NBFCs say RBI likely to leave repo rate unchanged
Mumbai: Non-banking finance companies on Tuesday said the Reserve Bank is likely to keep its key lending rate intact in the forthcoming monetary policy review, but expect a 0.25 percent reduction in the cash reserve ratio.
"We expect not much change in the interest rates in this policy, but definitely the CRR, which is the portion of deposits banks park with the RBI, may be reduced by 0.25 percent," Director general Finance Industry Development Council (FIDC) Mahesh Thakkar, told reporters after meeting the RBI officials in a customary pre-policy consultation meet here.
The RBI will unveil its annual monetary policy on May 3. Currently, the repo rate is 7.5 percent, while the CRR is 4 percent.
The demands by the FIDC, which is the apex body of NBFCs, is in tandem with the views of bankers, who also asked for a cut in the CRR for effective monetary transmission.
According to bankers, a CRR cut will help reduce their cost of funds, which is essential for cutting lending rates, rather than a repo rate cut.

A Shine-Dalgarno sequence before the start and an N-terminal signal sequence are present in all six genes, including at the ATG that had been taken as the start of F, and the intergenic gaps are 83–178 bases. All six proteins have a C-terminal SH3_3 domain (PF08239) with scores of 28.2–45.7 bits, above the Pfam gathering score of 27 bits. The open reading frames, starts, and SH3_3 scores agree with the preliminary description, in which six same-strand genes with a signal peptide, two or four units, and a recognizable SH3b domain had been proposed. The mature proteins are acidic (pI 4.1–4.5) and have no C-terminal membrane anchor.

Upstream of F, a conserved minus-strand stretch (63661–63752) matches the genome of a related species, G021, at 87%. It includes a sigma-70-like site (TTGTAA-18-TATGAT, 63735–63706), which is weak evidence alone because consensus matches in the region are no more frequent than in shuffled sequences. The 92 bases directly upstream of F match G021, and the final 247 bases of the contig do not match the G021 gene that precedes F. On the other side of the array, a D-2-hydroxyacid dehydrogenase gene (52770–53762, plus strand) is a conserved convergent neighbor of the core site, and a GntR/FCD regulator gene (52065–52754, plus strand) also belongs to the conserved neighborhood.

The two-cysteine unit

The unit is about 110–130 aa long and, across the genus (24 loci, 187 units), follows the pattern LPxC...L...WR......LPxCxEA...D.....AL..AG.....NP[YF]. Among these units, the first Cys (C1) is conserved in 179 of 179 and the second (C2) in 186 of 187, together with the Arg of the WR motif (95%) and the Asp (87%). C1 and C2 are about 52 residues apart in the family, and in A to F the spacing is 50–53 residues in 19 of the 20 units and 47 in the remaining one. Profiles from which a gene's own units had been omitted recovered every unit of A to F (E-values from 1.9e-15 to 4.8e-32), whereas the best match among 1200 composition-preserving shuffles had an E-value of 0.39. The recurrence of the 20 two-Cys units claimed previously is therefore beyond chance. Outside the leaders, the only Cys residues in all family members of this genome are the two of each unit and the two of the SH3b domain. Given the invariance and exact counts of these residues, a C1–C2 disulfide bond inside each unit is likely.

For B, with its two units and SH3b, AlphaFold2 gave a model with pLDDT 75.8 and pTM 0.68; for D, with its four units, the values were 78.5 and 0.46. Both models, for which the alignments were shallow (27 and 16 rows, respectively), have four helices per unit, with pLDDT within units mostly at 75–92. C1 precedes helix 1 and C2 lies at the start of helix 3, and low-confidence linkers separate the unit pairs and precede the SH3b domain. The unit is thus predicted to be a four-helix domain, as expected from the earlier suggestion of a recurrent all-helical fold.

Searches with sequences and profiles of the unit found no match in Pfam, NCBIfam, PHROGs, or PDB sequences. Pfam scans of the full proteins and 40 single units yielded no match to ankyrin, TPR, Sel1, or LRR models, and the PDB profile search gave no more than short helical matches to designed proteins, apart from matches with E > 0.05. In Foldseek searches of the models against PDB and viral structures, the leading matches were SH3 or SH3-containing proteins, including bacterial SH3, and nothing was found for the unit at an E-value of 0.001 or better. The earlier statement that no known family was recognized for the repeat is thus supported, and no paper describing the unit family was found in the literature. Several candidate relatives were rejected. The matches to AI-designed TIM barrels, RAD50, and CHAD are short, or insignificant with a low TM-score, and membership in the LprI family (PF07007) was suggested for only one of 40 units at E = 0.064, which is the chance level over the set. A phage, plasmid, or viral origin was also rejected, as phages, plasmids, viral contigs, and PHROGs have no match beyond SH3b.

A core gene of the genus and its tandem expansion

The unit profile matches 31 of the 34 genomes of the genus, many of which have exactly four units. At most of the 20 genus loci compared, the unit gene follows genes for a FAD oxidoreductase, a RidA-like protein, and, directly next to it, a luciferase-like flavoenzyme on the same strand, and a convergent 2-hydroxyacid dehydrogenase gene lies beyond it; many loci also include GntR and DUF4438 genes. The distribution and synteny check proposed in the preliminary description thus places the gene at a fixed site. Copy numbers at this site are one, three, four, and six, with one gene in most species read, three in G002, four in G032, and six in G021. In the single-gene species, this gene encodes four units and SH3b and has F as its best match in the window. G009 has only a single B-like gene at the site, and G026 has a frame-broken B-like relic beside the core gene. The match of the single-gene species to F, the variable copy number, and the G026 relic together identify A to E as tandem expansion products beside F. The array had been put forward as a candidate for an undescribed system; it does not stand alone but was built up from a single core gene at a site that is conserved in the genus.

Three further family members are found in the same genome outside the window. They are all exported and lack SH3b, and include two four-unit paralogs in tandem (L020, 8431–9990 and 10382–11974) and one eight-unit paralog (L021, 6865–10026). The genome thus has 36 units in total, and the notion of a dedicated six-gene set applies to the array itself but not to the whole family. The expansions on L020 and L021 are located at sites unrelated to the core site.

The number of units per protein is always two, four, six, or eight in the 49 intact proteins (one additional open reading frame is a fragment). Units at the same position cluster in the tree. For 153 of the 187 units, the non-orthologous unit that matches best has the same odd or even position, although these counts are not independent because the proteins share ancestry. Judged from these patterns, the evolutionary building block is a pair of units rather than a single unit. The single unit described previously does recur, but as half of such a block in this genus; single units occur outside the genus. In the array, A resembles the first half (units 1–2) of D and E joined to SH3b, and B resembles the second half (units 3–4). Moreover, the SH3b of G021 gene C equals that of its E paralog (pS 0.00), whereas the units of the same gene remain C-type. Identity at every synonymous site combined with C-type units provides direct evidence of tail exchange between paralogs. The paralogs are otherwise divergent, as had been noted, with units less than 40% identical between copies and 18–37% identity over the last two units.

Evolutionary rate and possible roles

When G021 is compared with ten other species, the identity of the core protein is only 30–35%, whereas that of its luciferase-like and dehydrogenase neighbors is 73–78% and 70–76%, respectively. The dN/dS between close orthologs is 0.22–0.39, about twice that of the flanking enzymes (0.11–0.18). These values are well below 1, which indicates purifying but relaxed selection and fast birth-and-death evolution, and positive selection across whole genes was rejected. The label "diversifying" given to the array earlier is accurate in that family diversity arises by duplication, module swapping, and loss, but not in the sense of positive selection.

During the meeting with Deputy Governors K C Chakrabarty, H K Khan and Urijit Patel, NBFCs, which included the heads of L&T Finance and Mahindra Finance among others, also discussed issues concerning the sector, Thakkar said.
Topics discussed included the Usha Thorat committee report, NBFCs' long-standing demand to retain the cut-off for NPA classification at 180 days against the proposed new norms of 90 days and issues around capital adequacy, he said.
"The RBI said we are considering separately, maybe by the month-end we will come back on that," he said.
Thakkar also said NBFCs have requested RBI to have stability in its policy, saying a lot of investors interested in the sector are looking towards a stable regulatory regime.
"The RBI should have a stable policy regime for a minimum of one decade. Once that is in, they will invest in a big way. It will help the economy well and also help achieve financial inclusion," he said.
Pointing out to the current conditions, he said: "We don't want a major change every two-three months like in our capital requirement or provisioning. Have something for 10 years at least." He added that course correction should be made only if changes in the economic conditions so merit.
Citing how companies like Edelweiss and Reliance Capital have got foreign investments, Thakkar claimed he is in touch with over 20 interested foreign investors wanting to invest.